47th Annual Convention; Online; 2021
All times listed are Eastern time (GMT-4 at the time of the convention in May).
|Programming System-Wide Differential Reinforcement Procedures|
|Monday, May 31, 2021|
|9:00 AM–9:50 AM |
|Area: DDA/EDC; Domain: Service Delivery|
|Chair: Dawn O'Neill (Judge Rotenberg Educational Center; Contextual Behavioral Science Institute)|
|Discussant: Ashley Shayter (Northern Michigan University)|
|CE Instructor: Ashley Shayter, Ph.D.|
Differential reinforcement procedures involving behavior contracts and token economies are implemented program wide at a residential treatment facility for students with severe problem behaviors. The Judge Rotenberg Educational Center (JRC) serves 138 school-aged students and 143 adults with ages ranging from 9 to 61 years old. Approximately 77% of clients have developmental and intellectual disabilities and the remaining 23% of clients have emotional and behavioral disorder classifications. We serve many individuals with limited verbal behavior, yet all clients have individualized behavior contracts with differential reinforcement of other, alternative, or incompatible behavior. Behavior contracts are set for specific times of day (overnight, transport, school hours, evening hours), settings (school, residence, or community), and include various response criteria (academic or adaptive tasks and withholding dangerous and disruptive problem behavior). The majority of school-age students also utilize token economies using conditioned reinforcers. We describe the programmatic implementation of large scale, yet individualized differential reinforcement procedures, and their impact on academic and adaptive behavioral functioning.
|Instruction Level: Intermediate|
|Keyword(s): behavior contracts, contingency contracts, monetary-based rewards, token economy|
|Target Audience: |
Audience should have some working knowledge of behavior contracts and token economies.
|Learning Objectives: At the conclusion of the presentation, participants will be able to (1) understand the program-wide application of differential reinforcement procedures to a range of behavior topographies across settings and response criteria, (2) the unique application of behavior contracts with non-verbal clients, and the (3) application of a school-wide reward system to shape academic and adaptive behavior repertoires.|
System-Wide Use of Behavioral Contracts Across Verbal Populations, Behaviors, and Settings
|SIMMS HISE (Judge Rotenberg Educational Center), Dawn O'Neill (Judge Rotenberg Educational Center; Contextual Behavioral Science Institute)|
Behavioral contracts, interchangeable with contingency contracts, are widely utilized in the field of applied behavior analysis. The use of which has been primarily associated with individuals who have a specific set of verbal and conceptual prerequisite capabilities (Cooper, Heron, & Heward, 2020). The purpose of this discussion is to denote the efficacy of behavioral contracting with individuals regardless of their level of functioning, verbal behavior, or diagnosis. Each of the clients we serve, from non-verbal clients with limited receptive language repertoires to fully verbal clients with emotionally disturbed classifications, benefit from differential reinforcement in the form of behavioral contracts. This is evidenced by the often immediate deceleration of target problem behavior and increase in appropriate replacement behaviors following contract implementation. Clients with limited verbal repertoires may take longer to discriminate the contingency, but repetition and contact with reinforcement generally leads to the desired outcome. The data collected show a direct correlation between the implementation of behavioral contracts with a wide array of individuals and the subsequent decrease in aberrant behavior. System-wide use of behavioral contracting fosters programmatic consistency, ease of implementation, and systematic replication.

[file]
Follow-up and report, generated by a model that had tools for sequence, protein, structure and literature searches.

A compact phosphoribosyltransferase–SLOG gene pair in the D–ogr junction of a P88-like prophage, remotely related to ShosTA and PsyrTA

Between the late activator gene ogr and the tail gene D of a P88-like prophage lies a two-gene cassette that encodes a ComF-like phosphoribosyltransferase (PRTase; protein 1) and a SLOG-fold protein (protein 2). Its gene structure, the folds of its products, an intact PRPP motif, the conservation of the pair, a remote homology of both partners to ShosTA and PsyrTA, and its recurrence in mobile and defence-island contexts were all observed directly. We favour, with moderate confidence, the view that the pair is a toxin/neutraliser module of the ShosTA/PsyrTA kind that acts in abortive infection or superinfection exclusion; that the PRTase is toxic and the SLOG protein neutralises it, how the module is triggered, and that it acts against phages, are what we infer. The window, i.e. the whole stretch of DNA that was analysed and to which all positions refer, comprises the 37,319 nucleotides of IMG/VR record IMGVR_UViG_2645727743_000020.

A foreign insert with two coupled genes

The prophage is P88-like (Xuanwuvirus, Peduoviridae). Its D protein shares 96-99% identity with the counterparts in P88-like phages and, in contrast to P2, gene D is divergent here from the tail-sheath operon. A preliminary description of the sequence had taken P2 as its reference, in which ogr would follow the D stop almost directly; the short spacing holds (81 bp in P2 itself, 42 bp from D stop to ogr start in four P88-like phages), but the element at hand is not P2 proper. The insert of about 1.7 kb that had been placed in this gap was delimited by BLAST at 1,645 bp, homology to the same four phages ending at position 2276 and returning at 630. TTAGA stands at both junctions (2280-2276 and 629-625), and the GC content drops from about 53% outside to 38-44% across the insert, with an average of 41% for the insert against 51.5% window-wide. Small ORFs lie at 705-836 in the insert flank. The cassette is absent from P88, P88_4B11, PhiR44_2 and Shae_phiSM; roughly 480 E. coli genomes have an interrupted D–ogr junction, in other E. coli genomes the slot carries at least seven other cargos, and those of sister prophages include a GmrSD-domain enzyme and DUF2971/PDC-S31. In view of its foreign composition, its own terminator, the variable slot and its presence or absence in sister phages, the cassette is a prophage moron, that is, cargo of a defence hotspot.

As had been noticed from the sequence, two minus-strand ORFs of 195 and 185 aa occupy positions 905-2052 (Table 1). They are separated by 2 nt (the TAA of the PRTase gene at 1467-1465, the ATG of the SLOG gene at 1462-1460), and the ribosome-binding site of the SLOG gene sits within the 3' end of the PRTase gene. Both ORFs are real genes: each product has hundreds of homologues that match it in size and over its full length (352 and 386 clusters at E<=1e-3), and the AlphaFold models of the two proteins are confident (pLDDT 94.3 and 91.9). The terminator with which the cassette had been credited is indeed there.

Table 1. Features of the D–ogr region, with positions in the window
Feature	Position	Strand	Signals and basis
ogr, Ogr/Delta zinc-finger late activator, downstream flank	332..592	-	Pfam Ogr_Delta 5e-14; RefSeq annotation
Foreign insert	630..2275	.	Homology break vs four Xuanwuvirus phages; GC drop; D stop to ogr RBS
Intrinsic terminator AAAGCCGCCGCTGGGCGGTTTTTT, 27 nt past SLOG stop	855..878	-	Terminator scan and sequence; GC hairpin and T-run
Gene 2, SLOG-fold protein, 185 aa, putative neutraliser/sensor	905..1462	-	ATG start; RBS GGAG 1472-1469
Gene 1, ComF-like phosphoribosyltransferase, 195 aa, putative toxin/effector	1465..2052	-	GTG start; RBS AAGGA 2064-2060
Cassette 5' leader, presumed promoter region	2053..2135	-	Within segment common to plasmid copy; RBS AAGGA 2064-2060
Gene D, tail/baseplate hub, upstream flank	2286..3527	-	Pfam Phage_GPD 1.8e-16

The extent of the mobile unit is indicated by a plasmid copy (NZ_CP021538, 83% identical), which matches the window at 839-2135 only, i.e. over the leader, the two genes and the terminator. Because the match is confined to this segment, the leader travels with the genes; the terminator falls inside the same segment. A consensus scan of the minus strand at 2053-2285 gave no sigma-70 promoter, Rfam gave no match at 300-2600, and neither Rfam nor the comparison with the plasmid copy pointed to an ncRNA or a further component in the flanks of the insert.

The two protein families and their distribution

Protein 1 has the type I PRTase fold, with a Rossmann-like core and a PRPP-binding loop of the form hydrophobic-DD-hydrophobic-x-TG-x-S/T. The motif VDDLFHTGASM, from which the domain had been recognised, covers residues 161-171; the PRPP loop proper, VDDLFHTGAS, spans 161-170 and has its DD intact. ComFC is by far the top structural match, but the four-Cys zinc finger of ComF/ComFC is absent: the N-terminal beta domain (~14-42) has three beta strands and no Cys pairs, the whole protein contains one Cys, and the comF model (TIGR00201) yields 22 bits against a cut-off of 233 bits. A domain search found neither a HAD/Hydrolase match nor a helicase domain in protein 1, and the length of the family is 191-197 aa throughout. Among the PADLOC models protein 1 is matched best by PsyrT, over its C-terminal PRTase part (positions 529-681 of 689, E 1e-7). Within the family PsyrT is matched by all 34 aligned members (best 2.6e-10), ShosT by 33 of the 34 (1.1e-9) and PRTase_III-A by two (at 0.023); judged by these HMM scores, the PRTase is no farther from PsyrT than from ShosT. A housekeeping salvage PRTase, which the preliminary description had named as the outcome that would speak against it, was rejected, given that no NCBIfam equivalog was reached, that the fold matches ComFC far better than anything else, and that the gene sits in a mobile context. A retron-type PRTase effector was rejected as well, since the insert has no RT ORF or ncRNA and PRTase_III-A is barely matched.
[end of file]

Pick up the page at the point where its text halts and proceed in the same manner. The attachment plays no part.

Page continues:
Shaping Academic and Adaptive Behavior Repertoires With a System-Wide Token Economy
|JOSEPH TACOSIK (Judge Rotenberg Educational Center), Dawn O'Neill (Judge Rotenberg Educational Center; Contextual Behavioral Science Institute)|
Behavior analysts may assist with the development of academic goals and implementation of programs to improve academic performance and adaptive behaviors. A token economy is one procedure used by many behavior change agents to improve various topographies of behavior. Token economies can be used for a single topography for one client, such as attending behavior during brief sessions (Tarbox, Ghezzi, & Wilson, 2006) or for a large group of individuals and various response criteria, such as 600 mine operators without individual or within group injuries (Fox, Hopkins, & Anger, 1987). A carefully managed token economy can be inexpensive, applied across multiple students in a classroom, and effective. Here we review the system-wide use of a token economy in place at the Judge Rotenberg Educational Center (JRC), a residential treatment facility. Students earn red and blue tickets (tangibles) as well as academic money (digital currency) for the successful completion of academic tasks and for engaging in positive, replacement behaviors. The use of a ticket system provides immediate conditioned tangible reinforcers for target behavior and helps improve academic performance across classrooms. We outline the implementation of the program wide token economy and demonstrate improvement for both academic and behavioral performance.
BACK TO THE TOP
Back to Top